Laci: So I have a devil's advocate kind of question here as an owner. So this all sounds great Like sign me up. Know, I want to turn off all the notifications. I don't want any of the emails. You guys make the decisions. I want to abdicate my responsibilities as a property owner because you guys sound so great. But how do I know, as an owner, that you are who you say you are like? Should I be asking for you know to talk to other owners? Should I be asking, should I be looking up to talk to other owners? Should I be asking should I be looking up third party reviews somewhere? Like what, how do I know that this isn't just all a pretty brochure or you know a nice conversation that actually is going to play out how you say it's going to play out for me as an owner?

    Chris: Well, Gretchen, you had somebody who spoke to you that wants to talk to some current owners, right?

    Gretchen: Yeah, just yesterday actually yeah.

    Chris: So let me sort of answer that question, lacey, that devil's advocate challenge, with the fact that I think and this sort of wraps up the whole day but can that property manager articulate their performance standards right? How does the property manager know if they're doing a good job? Because if they don't know if they're doing a good job, you surely aren't going to know if they're doing a good job other than the fact that all the rent got put in your bank account this month, which is the number one priority. Don't get me wrong. But if we were going to run through a few performance standards that I think you should be asking in this interview process, one of them, well, let's just start at the top. So I made a list here.

    So the first one is time to turn. You know, everything can be going great. Somebody moves out. Every property needs something. When somebody moves out, how long does it take to find out what needs done, how much it's going to cost getting it done and getting it back on the market? That's what we call time to turn. So what is their average time to turn? Is it 30 days? Is it two weeks? Is it God forbid two months? Everything depends on the size of the job to some degree, but do they know what their time to turn is? The other thing is days on market. Once that property is ready to rent, it's back on the market, it's on Zillow, it's out everywhere in the world. How many days does that property sit live on the internet before an applicant is approved and a deposit is collected, right? So that's days on market. You know we really in a perfect world, we should have something rented within 14 days of it going live Internet. I think that's sort of like always been my internal standard Rent collected.

    Ask them, how much rent did you collect last month? For how many tenants did you collect rent? We don't care about occupancy Right, about occupancy right. We only care about rent collected, because you could say that you've got 90% occupancy but for the month you may have only collected 80% of the rent you were supposed to collect. So ask them about rent collected. And this sounds so primitive, but this is a sort of a secret sauce thing. You know, how many three-day notices did you have to post last month? You know we get a good feel for how the month is going by the fifth or sixth of the month, based on how many people have paid the rent and when?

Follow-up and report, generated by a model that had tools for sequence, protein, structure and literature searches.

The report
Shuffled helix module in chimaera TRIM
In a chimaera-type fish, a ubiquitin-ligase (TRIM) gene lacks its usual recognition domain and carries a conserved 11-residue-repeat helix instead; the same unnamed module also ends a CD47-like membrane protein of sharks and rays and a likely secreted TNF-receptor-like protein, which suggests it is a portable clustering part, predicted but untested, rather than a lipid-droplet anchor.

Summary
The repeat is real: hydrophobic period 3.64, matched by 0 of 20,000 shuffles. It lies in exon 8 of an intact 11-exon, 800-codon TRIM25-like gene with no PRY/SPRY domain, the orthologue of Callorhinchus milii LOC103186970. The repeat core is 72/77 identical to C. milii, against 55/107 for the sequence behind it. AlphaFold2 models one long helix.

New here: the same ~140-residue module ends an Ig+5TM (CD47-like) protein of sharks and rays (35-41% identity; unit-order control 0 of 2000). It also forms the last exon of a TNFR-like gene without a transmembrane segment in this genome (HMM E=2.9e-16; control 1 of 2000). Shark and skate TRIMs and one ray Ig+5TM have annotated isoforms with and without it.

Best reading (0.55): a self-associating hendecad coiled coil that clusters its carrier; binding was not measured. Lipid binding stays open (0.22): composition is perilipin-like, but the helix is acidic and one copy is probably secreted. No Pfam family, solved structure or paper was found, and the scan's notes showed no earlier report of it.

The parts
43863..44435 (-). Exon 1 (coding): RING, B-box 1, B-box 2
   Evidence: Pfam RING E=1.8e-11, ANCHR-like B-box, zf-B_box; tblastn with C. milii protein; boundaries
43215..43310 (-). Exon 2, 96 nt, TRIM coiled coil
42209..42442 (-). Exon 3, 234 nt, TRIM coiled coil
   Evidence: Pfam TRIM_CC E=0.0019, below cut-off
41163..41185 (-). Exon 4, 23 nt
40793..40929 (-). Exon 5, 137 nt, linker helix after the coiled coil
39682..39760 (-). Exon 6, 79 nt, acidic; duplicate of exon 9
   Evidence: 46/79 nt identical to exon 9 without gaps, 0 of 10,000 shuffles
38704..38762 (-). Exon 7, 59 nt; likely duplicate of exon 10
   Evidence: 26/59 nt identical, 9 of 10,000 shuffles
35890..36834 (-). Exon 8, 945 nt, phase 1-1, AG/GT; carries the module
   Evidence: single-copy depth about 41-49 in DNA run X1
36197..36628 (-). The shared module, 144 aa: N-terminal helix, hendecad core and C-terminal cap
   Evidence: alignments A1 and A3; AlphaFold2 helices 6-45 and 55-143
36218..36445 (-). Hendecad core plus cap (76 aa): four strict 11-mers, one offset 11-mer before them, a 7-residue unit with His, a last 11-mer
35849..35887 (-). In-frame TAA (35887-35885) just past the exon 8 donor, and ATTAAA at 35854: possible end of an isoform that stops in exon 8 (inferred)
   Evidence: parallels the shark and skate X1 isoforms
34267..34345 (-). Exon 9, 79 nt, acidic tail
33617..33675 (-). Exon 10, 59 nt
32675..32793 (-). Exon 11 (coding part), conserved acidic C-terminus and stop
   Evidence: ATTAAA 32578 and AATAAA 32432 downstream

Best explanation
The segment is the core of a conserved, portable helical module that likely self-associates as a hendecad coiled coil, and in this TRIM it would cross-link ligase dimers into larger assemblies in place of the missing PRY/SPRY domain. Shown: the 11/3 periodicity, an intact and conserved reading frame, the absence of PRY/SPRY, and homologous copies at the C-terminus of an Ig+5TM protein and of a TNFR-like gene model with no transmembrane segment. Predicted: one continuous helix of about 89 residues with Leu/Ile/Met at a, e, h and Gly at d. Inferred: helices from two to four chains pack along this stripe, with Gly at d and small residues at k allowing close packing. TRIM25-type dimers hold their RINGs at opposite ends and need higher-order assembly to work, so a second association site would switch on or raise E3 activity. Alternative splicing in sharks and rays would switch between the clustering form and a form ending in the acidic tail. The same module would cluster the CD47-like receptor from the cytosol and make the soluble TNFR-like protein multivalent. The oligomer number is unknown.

Gretchen, when you run the three-day notices, how many have to be posted? That is a great gauge and I got to tell you, if the property manager doesn't know how many people didn't pay the rent, based on the number of notices they have to post this month, I don't know what they do. Know, right, I don't know what is more important. At the end of the day, your property manager's job is to collect the rent. So how many three-day notices went up? Who didn't get collected? What are they going to do to get it? Number of evictions filed you know that's a good standard too. I would say that if the number of three-day notices posted is low, the number of evictions that ultimately have to be filed is low.

    Also, open work orders you know if you've got, if they have a maintenance crew and some of the smaller folks aren't going to have a, you know, a maintenance person on staff. They're going to use third-party contractors and so forth how many open work orders do they have? You know how long does it take to get them closed? You know how long does it take to get them closed. You know we say that a non-emergency request from a tenant should be completed within 72 hours. Now again, in some cases we have to get owner approval If it's sort of quote elective, you know, maybe there's some back and forth there. But basically non-emergency work orders should be completed in 72 hours. Is that still accurate, kretch?

    Gretchen: Yeah, that's accurate.

    Chris: And PropertyMill tells us exactly where we're at, and I haven't looked for a while. But as long as that number is going in the right direction, we are happy and Jade's done a heck of a job on that. But here's the thing, sort of speaking to what Lacey was just saying is, you know, one of the ways that you want to find out what's going on is what are their Google reviews look like? And I think we've talked about this before. You know, I just ignored Google reviews for years and years and years until I didn't even understand how it got out of control or what had happened and we finally, with Lacey's help, had to sort of start over and start fresh. And you know we're running it. I think we're still at like 4.9 right now, which is fantastic, but we are constantly coaching every member of our team that, with every interaction with a tenant or owner, is have I earned a five-star review today? You know I want it to be like McDonald's used to be before value meals, right, Would you like fries with that? So when you're looking to do your due diligence, check for reviews, and Google reviews is the number one thing to look for.